But visualizing the harms associated with smoking will inform many who might find it hard to quit.
"I don't think people do know that one in every two smokers will die from smoke-related illnesses," Evins said.
The new package warnings are part of an FDA proposal under the Family Smoking Prevention and Tobacco Control Act, which requires that cigarette packages and advertisements have larger and more visible graphic health warnings.
While the graphics might dissuade some smokers at the start of the campaign, the communication tactic might not spur many to kick the habit for good, if at all, Edgar said.
"I think people are still going to have a hard time saying, 'Yes, that's me on that label,'" he said. "There's a physical addiction involved in this as well. It's not an absolute choice for many who smoke."
Federal regulators and health experts have warned for decades that cigarettes are deadly. But Matthew L. Myers, president of the Campaign for Tobacco-Free Kids, called the ramped-up measures "a timely and much-needed shot in the arm."
"The current warnings are more than 25 years old, go unnoticed on the side of cigarette packs and fail to effectively communicate the serious health risks of smoking," Myers said.
Experts Suggest Anti-Smoking Policy
The intended message will more likely reach younger adults, or those who might have just picked up the habit, said Joy Schmitz, professor of psychiatry and behavioral sciences at the University of Texas medical school in Houston.
"It might give them pause for concern or contemplation as to their choice of smoking when they see the pretty dramatic scene on the packages," Schmitz said.
But evidence suggests that for message to be effective in the long run, it must not only communicate the danger but also offer ways to help change behavior, Emerson College's Edgar said.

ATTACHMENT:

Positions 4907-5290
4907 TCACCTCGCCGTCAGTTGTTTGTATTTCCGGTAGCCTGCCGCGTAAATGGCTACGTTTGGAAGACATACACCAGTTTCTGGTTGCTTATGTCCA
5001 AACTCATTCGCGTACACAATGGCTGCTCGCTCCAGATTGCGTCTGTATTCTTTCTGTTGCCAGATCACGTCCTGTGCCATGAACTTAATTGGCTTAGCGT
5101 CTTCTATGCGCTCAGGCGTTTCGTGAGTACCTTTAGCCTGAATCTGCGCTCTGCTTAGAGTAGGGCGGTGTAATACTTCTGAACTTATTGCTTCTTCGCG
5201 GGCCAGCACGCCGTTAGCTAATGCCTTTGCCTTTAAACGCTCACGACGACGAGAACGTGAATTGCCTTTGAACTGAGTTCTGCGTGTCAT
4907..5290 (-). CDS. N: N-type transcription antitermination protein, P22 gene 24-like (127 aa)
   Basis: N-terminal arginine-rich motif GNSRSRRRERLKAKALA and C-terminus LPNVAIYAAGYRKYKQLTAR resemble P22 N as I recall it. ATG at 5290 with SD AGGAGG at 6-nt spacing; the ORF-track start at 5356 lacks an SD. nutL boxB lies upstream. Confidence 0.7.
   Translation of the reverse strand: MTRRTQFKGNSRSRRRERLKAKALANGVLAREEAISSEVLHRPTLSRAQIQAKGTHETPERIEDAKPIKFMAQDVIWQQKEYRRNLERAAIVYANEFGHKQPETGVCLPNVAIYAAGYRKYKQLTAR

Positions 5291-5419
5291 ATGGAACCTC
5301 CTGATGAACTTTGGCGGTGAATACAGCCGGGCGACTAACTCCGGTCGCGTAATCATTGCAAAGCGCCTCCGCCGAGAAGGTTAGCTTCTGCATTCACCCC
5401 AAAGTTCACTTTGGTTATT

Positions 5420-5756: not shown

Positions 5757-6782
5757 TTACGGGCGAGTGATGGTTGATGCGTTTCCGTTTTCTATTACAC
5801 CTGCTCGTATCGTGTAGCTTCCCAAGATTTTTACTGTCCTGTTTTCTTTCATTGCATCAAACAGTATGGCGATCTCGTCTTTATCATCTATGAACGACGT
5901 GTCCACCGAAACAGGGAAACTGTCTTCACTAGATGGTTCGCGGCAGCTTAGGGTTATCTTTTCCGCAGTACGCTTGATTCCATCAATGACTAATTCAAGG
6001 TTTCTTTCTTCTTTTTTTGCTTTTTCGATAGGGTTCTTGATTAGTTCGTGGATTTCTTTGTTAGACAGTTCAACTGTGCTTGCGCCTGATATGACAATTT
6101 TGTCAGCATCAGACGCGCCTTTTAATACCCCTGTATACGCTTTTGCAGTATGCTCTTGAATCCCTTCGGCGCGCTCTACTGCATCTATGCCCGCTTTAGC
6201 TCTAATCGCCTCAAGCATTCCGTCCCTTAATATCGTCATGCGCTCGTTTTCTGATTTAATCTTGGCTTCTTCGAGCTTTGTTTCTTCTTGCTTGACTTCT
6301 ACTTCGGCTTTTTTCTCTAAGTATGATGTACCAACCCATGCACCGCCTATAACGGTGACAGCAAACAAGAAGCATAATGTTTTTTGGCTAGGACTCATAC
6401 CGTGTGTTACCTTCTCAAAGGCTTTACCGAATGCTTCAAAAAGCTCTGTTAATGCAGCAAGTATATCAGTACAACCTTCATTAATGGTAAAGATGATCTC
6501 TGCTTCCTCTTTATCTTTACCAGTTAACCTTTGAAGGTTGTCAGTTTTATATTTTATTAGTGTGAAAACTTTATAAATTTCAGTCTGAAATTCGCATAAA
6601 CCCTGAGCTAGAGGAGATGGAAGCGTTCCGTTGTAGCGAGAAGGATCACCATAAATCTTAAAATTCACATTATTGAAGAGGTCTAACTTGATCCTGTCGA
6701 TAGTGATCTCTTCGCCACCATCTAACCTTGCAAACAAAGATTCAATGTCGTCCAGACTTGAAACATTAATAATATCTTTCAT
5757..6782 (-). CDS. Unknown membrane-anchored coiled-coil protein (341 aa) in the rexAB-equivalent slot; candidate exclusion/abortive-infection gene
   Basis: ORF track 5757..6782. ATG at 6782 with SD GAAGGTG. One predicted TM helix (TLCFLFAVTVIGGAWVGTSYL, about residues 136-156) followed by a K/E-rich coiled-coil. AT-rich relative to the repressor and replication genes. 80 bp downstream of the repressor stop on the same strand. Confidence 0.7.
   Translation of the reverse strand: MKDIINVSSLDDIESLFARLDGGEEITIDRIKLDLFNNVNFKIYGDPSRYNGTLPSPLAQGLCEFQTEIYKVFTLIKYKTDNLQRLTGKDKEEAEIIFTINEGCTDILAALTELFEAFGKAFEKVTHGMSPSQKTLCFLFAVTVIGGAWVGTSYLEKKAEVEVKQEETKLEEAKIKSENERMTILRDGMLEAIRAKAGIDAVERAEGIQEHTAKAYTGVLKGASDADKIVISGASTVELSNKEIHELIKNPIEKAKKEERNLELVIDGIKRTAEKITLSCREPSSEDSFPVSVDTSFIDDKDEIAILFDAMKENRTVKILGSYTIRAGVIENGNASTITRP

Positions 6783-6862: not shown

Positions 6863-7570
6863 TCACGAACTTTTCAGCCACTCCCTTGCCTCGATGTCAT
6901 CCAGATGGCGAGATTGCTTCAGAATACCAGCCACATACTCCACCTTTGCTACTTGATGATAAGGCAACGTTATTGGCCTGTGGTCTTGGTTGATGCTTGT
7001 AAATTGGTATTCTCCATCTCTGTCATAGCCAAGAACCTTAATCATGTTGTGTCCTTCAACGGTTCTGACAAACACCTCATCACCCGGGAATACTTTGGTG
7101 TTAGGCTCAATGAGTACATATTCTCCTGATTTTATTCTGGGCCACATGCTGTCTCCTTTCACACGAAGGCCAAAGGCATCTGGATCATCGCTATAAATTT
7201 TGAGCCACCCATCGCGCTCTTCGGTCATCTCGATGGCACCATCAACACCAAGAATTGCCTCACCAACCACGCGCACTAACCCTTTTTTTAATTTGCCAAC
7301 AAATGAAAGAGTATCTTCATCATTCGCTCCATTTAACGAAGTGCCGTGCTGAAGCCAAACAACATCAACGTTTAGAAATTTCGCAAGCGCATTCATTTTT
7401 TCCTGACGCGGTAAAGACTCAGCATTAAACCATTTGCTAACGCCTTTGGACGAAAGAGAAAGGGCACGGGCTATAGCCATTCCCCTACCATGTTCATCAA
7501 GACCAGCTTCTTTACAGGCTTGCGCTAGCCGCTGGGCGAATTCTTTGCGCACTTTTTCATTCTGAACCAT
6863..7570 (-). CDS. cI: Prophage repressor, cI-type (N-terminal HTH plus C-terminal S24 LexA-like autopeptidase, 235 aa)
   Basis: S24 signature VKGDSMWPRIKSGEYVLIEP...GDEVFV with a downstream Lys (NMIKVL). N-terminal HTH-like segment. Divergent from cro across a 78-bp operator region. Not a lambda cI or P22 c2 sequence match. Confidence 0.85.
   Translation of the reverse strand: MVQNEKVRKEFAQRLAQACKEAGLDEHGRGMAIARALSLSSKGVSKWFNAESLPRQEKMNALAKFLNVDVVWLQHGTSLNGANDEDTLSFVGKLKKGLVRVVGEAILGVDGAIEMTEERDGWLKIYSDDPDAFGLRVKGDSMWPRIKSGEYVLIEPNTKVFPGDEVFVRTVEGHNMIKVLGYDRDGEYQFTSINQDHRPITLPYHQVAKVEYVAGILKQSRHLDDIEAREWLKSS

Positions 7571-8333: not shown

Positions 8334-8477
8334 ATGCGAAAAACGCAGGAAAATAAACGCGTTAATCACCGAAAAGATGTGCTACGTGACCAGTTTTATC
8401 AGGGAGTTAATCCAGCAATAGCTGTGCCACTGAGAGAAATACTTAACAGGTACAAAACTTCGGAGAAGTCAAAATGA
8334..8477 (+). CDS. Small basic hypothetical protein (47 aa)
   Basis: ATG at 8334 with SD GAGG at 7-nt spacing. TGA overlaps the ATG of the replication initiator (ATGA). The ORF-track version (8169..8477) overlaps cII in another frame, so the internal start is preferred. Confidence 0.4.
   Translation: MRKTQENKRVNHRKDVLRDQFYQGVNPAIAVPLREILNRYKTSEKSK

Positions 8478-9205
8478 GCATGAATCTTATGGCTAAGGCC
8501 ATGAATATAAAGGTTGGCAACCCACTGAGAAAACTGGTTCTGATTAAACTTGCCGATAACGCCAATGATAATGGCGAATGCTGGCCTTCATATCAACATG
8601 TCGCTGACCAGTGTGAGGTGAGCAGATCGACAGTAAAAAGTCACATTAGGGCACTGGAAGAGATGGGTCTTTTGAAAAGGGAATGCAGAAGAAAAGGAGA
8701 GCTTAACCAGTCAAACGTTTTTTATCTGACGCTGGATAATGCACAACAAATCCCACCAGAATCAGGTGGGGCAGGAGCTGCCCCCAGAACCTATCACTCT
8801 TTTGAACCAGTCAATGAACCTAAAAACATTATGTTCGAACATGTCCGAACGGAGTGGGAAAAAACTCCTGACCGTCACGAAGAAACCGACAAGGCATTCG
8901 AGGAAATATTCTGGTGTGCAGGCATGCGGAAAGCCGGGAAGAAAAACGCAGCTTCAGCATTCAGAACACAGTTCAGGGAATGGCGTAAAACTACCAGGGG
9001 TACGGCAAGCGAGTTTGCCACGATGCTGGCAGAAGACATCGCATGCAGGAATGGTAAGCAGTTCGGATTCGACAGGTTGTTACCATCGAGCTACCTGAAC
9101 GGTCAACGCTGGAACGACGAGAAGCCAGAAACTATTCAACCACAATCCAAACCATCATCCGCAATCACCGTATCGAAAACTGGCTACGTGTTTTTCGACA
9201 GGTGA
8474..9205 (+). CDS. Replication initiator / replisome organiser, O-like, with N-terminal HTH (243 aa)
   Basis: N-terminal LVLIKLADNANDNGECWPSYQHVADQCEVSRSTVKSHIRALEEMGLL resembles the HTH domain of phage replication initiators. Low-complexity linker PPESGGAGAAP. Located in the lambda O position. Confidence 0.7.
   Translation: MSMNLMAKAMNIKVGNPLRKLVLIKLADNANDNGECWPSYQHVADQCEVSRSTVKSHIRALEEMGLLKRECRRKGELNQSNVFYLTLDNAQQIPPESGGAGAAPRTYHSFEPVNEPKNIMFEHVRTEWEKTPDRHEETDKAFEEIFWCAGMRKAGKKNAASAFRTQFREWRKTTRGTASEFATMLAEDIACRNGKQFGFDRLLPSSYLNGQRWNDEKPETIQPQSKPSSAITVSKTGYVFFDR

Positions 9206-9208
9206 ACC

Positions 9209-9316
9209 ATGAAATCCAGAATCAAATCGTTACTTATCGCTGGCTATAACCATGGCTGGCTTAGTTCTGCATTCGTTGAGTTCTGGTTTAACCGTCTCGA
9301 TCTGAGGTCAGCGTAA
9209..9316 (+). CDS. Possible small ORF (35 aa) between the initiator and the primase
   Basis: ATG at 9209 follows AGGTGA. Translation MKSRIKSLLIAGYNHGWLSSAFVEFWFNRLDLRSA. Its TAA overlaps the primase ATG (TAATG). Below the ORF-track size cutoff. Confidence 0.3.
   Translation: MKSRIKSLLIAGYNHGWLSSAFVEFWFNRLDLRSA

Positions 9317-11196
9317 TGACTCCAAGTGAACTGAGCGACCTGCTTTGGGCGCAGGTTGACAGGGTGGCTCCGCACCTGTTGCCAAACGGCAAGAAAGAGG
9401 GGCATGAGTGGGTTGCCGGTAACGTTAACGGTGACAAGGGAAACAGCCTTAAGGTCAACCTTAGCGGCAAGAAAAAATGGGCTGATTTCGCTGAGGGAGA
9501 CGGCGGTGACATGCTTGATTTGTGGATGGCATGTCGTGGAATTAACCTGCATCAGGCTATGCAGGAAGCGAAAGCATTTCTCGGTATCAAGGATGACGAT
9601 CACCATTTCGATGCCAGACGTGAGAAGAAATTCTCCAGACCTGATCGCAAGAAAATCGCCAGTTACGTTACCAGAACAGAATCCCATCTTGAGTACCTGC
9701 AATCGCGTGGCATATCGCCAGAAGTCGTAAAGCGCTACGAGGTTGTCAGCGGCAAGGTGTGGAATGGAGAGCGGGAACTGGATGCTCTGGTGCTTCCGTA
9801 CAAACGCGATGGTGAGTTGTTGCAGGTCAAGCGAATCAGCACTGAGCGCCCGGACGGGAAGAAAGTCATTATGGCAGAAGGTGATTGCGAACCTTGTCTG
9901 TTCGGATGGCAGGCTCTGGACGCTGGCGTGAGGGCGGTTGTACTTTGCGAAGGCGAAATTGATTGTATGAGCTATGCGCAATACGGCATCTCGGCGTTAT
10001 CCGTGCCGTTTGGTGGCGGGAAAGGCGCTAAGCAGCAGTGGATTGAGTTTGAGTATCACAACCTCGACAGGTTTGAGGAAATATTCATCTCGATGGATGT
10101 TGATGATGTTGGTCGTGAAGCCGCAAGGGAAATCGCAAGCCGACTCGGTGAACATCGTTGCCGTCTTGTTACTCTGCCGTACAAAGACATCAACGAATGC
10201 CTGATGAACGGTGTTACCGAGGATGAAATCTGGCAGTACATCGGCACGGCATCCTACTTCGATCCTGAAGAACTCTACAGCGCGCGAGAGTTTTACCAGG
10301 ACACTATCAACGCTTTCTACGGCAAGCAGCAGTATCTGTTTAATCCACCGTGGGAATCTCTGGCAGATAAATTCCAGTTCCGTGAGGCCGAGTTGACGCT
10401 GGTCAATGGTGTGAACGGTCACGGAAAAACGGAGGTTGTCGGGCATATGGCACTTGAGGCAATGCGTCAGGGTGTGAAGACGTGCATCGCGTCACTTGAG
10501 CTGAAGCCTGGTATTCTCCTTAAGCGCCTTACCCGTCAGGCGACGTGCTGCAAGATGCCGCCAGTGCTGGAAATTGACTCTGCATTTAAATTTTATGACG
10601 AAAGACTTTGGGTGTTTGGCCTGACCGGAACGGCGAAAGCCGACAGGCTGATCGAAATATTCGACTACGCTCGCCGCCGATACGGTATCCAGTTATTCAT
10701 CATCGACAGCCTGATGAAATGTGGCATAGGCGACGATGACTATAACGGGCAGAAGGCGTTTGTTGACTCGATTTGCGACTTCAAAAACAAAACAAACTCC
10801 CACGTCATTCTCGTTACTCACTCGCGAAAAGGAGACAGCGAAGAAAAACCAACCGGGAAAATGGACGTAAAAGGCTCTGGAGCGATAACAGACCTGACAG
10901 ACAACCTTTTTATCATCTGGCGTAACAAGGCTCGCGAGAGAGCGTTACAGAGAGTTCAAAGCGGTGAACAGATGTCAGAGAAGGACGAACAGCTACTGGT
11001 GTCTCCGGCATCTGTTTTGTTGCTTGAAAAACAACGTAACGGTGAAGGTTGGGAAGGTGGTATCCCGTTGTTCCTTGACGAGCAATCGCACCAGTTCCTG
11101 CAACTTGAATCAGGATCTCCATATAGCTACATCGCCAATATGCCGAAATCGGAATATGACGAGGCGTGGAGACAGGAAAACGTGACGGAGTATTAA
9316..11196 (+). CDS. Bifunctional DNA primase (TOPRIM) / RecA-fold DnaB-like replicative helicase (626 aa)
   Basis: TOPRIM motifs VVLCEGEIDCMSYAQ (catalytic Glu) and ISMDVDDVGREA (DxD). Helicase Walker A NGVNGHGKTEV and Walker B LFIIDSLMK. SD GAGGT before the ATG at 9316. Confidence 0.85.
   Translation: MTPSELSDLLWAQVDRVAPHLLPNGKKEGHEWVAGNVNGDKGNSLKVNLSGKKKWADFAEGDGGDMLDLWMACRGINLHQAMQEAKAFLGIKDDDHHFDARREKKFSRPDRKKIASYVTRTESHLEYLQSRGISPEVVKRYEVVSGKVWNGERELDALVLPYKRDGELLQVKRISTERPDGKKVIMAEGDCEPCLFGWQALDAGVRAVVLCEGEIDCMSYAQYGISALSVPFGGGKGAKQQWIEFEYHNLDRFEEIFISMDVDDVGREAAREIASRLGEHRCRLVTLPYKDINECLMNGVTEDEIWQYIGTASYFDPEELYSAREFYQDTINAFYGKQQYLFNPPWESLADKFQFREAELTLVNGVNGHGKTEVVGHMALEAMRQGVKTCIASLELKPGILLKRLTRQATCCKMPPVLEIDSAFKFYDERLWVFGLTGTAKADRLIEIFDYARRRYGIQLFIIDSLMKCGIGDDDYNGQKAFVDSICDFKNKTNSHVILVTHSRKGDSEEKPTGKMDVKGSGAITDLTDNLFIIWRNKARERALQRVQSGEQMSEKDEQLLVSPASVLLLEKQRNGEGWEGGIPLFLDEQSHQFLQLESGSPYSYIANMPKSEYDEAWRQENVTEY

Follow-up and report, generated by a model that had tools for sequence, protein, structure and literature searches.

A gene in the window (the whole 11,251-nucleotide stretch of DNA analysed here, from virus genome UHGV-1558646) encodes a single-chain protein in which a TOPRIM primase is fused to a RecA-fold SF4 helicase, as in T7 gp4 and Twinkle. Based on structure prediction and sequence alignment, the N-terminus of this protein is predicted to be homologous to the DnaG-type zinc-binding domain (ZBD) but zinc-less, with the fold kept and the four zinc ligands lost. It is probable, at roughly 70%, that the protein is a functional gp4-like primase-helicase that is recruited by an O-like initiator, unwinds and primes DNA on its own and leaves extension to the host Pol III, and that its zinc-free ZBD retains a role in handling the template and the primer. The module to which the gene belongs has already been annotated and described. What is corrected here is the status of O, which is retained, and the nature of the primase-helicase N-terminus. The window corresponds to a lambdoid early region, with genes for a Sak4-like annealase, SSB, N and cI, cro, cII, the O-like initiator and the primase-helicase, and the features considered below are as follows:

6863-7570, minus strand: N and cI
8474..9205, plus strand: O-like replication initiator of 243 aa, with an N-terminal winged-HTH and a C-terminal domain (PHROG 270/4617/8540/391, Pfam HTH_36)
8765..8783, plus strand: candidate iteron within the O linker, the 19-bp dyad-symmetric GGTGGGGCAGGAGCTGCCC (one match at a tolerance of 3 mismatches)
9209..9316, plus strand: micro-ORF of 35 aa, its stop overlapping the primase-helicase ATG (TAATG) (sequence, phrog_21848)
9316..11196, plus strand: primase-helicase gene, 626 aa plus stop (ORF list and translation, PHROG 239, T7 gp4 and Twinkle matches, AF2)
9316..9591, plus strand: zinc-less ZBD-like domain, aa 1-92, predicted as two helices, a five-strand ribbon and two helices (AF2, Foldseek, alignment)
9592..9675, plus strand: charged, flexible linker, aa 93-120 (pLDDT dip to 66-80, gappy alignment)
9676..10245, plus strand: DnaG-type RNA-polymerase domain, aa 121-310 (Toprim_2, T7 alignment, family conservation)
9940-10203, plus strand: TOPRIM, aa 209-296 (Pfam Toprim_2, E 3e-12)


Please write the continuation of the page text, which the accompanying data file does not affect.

"Simply showing someone that there is a severe outcome or they're personally responsible is not enough. They need to know there's something they can do about it," he said.
"It needs to be combined with the anti-smoking policies, restricting smoking in the environment, as well as promoting effective evidence-based smoking cessation treatments that are available," she said.
Leading cancer groups, including the American Cancer Society, approached the FDA early on in the development of the labels and "were adamant about including the 1-800-Quit-Now number," said Thomas Glynn, director of cancer science and trends at the American Cancer Society.
"To be most effective, these labels need to be paired with an action," Glynn said.
The FDA indicated that the number will be included in the label design.
Although smoking rates have declined overall since the 1960s, health officials noted, that rates have leveled off in the past decade. About 21 percent of U.S. adults, and nearly 20 percent of high school students smoke cigarettes, according to the Centers for Disease Control and Prevention.
The agency's goal is to reduce the 443,000 deaths associated with tobacco use each year.
"Having a coordinated policy, having these warnings, making them so visible, making them real is, in my opinion and in the opinion of the American Cancer Society, going to be a very positive step forward," Dr. Len Lichtenfeld, deputy chief medical officer for the American Cancer Society, said when the proposed images were first released.